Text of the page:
CDC Group, Africa’s oldest development finance institution, formally becomes British International Investment

06 Apr 2022

CDC Group, Africa’s oldest development finance institution, formally becomes British International Investment 

  • New name better reflects scope of UK’s development finance institution
  • British International Investment to play key role in fighting the climate emergency
  • British International Investment has a portfolio of more than $4billion in Africa, and over 600 valued partnerships with ambitious businesses
 

London - 6 April 2022


CDC Group, the UK’s development finance institution and impact investor, has been formally renamed British International Investment (BII). Watch here.  

The organisation will invest between £1.5 and £2 billion per year in green infrastructure, technology and other sectors to support countries in Africa, Asia and the Caribbean. Situated in seven locations across the Continent, BII has a portfolio value of over $4billion, with over 600 local businesses. Portfolio highlights include: Global Partnership for Ethiopia, FirstBank Nigeria, 14Trees, ETG, AfricInvest, Novastar, Zambeef, Equity Bank, Access Bank plc, Redstone Concentrated Solar Power Project among many more.

Nick O’Donohoe, the Chief Executive of British International Investment, said: “This is an incredibly significant milestone in the history of our company. British International Investment will build on CDC’s legacy by inheriting its unparalleled experience of impact investing and deep-rooted knowledge of the markets in which it invests.

We will continue to solve the biggest global development challenges by investing patient, flexible capital to support private sector growth and innovation. And, we will help to alleviate poverty by building productive, sustainable and inclusive economic outcomes for those that need fair and transparent investment the most.” 

Founded in 1948, the UK’s development finance institution (DFI) invests patient, flexible capital to support private-sector growth and innovation. In 2022, the DFI announced that it exceeded its pledge to invest £2 billion in Africa over the last two years. British International Investment has a portfolio value of $4.2bn in Africa, with over 600 businesses in the portfolio. 

British International Investment is at the heart of the UK Government’s international financing offer to Africa and other emerging economies. It builds on a 74-year track record of forming strong partnerships with thousands of ambitious businesses to create positive social and economic outcomes for the countries in which it operates. The impact investor willplay a key role in the UK Government’s wider plans to mobilise up to £8 billion a year of public and private sector investment in international projects by 2025.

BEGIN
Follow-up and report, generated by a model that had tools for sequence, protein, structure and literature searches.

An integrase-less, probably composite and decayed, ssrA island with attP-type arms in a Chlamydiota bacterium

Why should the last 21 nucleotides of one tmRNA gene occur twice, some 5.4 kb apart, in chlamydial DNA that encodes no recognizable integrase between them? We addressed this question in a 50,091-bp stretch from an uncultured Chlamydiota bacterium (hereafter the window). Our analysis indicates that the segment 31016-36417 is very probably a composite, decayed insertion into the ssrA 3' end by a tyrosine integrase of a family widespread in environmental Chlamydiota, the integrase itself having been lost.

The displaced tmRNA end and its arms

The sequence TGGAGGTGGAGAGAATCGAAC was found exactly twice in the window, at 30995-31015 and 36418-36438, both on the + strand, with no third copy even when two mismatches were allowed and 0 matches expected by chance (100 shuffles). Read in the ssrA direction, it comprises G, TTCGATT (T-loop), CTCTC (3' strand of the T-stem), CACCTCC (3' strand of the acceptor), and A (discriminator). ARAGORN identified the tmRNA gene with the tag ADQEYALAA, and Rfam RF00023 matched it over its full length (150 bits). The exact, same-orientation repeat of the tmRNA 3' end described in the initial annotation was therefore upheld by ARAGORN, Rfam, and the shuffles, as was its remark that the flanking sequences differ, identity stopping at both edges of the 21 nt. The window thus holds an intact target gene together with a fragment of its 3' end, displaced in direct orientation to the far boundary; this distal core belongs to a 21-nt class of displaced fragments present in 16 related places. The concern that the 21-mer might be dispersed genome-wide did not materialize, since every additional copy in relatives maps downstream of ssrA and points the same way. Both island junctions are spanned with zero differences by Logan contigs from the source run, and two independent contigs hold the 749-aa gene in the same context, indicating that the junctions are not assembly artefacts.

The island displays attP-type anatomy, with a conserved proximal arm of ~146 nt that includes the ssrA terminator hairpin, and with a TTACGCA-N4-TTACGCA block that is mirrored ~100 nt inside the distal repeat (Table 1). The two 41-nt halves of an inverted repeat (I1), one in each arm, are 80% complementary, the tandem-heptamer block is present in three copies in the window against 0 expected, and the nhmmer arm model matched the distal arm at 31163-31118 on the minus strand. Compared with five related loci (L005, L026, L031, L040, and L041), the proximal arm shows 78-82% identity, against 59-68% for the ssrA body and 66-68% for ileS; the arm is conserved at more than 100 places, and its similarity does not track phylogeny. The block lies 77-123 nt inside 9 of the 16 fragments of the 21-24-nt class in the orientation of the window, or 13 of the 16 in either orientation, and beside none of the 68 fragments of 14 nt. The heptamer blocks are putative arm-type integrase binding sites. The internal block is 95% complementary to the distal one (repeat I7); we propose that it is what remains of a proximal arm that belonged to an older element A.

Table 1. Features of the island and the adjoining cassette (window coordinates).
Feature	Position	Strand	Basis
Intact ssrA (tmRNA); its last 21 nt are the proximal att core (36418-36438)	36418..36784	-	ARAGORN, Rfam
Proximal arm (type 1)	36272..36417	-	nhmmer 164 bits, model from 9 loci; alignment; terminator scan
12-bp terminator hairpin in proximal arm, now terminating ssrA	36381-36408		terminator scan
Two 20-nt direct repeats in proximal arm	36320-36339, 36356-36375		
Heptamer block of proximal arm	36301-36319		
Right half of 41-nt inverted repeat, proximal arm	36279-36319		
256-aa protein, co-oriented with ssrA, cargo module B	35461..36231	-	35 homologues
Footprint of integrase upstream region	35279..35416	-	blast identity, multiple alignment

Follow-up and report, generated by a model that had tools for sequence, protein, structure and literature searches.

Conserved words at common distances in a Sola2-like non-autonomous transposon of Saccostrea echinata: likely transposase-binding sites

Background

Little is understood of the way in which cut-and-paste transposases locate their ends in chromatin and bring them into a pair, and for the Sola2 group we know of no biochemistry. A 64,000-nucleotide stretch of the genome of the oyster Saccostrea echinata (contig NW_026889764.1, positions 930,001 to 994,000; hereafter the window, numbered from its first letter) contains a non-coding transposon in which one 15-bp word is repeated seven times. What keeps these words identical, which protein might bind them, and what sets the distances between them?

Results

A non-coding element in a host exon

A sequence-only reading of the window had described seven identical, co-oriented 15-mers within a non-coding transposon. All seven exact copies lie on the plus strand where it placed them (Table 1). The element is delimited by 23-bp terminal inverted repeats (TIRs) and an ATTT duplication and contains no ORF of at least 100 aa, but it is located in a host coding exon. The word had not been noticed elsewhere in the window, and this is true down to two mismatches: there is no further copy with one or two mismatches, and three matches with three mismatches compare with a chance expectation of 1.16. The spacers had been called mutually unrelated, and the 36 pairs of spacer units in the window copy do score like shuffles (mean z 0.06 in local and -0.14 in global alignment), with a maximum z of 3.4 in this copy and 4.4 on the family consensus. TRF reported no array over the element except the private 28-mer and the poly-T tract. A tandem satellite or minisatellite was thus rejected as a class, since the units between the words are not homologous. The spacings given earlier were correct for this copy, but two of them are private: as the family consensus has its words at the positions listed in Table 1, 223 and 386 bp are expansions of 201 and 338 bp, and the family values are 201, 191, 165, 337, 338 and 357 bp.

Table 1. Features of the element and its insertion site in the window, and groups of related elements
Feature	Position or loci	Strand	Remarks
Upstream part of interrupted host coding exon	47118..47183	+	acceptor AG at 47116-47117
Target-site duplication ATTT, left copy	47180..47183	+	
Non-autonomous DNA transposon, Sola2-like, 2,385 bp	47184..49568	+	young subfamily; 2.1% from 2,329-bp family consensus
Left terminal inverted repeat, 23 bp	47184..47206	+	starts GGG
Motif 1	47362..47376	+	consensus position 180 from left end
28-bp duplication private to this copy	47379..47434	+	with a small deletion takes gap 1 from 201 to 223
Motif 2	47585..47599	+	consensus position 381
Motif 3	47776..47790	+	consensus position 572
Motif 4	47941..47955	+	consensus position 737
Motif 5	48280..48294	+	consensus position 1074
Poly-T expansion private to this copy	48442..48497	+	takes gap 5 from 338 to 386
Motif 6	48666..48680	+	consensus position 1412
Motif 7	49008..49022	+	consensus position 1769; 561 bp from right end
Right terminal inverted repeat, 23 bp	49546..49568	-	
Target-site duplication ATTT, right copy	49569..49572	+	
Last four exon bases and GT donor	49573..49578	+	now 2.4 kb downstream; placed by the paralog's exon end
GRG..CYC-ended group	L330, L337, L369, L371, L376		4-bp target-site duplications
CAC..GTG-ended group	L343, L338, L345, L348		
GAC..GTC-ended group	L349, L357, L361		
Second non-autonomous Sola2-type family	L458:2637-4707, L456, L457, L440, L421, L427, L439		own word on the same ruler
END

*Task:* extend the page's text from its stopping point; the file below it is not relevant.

Mr O’Donohoe added:British International Investment is a strong, modern identity, which captures who we are and what we do. It communicates the increased breadth of what we do as an organisation.It also clearly defines us as a British institution that is working to bring not just capital but high standards and transparency to our investments. And it highlights our critical role as part of the UK Government’s international financing offer.” 

Foreign, Commonwealth and Development Secretary, Liz Truss, said: “The revamped British International Investment is at the heart of Britain’s financing offer to low and middle income countries and our ambitious plan to mobilise up to £8 billion of investment a year by 2025. We will provide reliable and honest sources of finance to low and middle income nations including in Asia, Africa and the Caribbean and at the same time deliver for people in the UK, creating jobs and export opportunities.”  

British International Investment has a clear focus on helping to address the huge challenge that climate change presents across Africa. At least 30 per cent of its total investments over the next five years will be in climate finance – making it one of the largest such investor in African economies. It has also set a new ambition to scale investment into a range of vital sectors, including clean infrastructure, digital transformation and earlier-stage, disruptive businesses that offer radical solutions to the key development challenges on the African continent.

The name change was first announced by the UK’s Foreign Secretary, Rt Hon Liz Truss MP, in November and comes into effect on 4th April 2022. 

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